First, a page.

KINGSTON, Jamaica, CMC – Former Jamaica prime minister P.J. Patterson has criticized British Prime Minister David Cameron of seeking to “trivialise and diminish the significance of 300 years of British enslavement of Africans”.
In an open letter to the British leader, Patterson said the slave trade is still “a most heinous crime against humanity — a stain which cannot be removed merely by the passage of time”.
Cameron in a joint address to the Jamaica parliament when he paid an official visit to the island last month, acknowledged the “wounds of slavery run very deep” but avoided speaking on the issue of reparation as being called for by Caribbean countries.
Cameron, the first British Prime Minister to visit Jamaica for the last 14 years, said the slave trade was one “from which history has drawn the bitterest of lessons.
“Slavery was and is abhorrent in all its forms. It has no place whatsoever in any civilized society, and Britain is proud to have led the way in its abolition.
“That the Caribbean has emerged from the long dark shadows that it casts, is testament to the resilience and spirit of its people. I acknowledge that these wounds run very deep indeed, but I do hope that as friends, who have gone through so much together since those darkest of times, we can move on from this painful legacy and continue to build for the future,” Cameron said in his only remarks to the transatlantic slave trade.
Earlier, Jamaica’s Prime Minister Portia Simpson Miller told the legislators that she had brought up the issue of reparation during the bilateral talks with Cameron on Tuesday.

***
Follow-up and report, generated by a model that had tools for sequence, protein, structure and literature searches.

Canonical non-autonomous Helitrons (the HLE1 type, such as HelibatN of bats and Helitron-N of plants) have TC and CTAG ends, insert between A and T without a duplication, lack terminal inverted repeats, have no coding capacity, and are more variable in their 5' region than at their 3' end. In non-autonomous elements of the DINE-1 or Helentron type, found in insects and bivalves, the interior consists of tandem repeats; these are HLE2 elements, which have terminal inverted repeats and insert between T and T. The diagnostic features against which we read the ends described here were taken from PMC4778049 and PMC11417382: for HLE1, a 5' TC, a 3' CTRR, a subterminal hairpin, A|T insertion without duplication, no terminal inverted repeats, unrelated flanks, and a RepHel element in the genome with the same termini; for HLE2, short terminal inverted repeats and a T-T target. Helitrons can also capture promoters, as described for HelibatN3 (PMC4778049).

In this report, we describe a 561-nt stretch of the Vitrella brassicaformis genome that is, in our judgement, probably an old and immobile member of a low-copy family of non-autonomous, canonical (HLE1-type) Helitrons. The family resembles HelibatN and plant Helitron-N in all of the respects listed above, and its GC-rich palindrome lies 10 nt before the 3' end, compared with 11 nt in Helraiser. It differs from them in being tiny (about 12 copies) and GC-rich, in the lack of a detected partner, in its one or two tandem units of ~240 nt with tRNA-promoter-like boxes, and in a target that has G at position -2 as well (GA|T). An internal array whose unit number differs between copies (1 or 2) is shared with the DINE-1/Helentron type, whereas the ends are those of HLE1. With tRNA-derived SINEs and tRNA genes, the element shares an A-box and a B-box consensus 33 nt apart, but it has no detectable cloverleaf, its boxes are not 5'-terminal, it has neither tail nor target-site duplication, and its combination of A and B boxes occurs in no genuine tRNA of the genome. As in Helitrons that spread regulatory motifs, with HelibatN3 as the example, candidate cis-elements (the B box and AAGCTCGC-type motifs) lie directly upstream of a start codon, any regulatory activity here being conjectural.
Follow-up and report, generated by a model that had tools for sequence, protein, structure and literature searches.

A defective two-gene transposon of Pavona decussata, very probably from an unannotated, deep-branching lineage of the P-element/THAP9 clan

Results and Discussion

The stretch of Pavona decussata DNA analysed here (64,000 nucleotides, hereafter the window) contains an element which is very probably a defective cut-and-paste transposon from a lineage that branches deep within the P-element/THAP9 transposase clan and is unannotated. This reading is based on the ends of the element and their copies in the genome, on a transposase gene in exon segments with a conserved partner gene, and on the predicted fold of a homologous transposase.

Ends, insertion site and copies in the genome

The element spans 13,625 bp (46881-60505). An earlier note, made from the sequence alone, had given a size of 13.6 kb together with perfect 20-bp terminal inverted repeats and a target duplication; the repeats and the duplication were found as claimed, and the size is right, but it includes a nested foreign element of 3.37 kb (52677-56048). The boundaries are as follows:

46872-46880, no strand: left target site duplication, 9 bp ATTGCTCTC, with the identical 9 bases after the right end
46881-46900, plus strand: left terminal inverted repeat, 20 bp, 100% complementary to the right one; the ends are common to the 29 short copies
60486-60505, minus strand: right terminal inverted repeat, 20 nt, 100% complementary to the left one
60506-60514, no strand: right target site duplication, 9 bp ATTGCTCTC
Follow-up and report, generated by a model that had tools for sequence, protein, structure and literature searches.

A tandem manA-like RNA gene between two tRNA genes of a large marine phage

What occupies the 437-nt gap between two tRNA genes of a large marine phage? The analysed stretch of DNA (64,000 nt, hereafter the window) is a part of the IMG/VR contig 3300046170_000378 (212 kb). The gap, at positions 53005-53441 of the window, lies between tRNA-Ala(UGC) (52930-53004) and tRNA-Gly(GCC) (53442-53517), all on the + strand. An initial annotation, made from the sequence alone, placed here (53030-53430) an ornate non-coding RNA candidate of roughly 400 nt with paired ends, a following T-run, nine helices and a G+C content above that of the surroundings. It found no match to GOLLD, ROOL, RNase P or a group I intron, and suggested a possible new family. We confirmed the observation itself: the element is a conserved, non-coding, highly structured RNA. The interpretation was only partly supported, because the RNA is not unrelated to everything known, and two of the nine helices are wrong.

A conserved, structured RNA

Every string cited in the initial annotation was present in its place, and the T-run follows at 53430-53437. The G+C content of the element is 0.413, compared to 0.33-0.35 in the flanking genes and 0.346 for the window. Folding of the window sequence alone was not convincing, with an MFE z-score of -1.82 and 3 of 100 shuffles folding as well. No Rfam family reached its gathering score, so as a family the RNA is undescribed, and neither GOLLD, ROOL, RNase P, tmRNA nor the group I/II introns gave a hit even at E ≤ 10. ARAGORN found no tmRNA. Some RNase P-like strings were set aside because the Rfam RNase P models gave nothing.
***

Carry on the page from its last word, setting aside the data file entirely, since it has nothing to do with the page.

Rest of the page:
“Let it be clear that Jamaica is committed to a spirit of mutual respect, openness and understanding as we seek to actively engage the UK on the matter,” she said, noting the role of Caribbean Community (CARICOM) countries in establishing the Reparation Commission, headed by Barbadian academic Sir Hilary Beckles, who in an open letter to Cameron said that reparation justice is an issue that cannot “be further ignored, remain under the rug, or placed on back burners”.
Prime Minister Simpson Miller said “at the same time we remain unshaken in our conviction that there is more than unites us as a people and government”.
In his letter, Patterson, who served as the island’s sixth Prime Minister from 1992-2006, said that the “attempt to trivialise and diminish the significance of 300 years of British enslavement of Africans, and the trade in their bodies reflect the continued ethnic targeting of our ancestors and their progeny for discriminatory treatment in both the annals of history and in the present.
“The 180 years of slavery in Jamaica remain fresh in living memory. There are people alive in Jamaica today, whose great grandparents were a part of the slavery system, and the memory of slavery still lingers in these households and communities.
“Those 180 years were followed by another 100 years of imposed racial apartheid, in which these families were racially oppressed by British armies and colonial machinery. The scars of this oppression are still alive in the minds and hearts of a million Jamaicans.”
Patterson said that to speak of slavery as something from the Middle Ages is insufficient.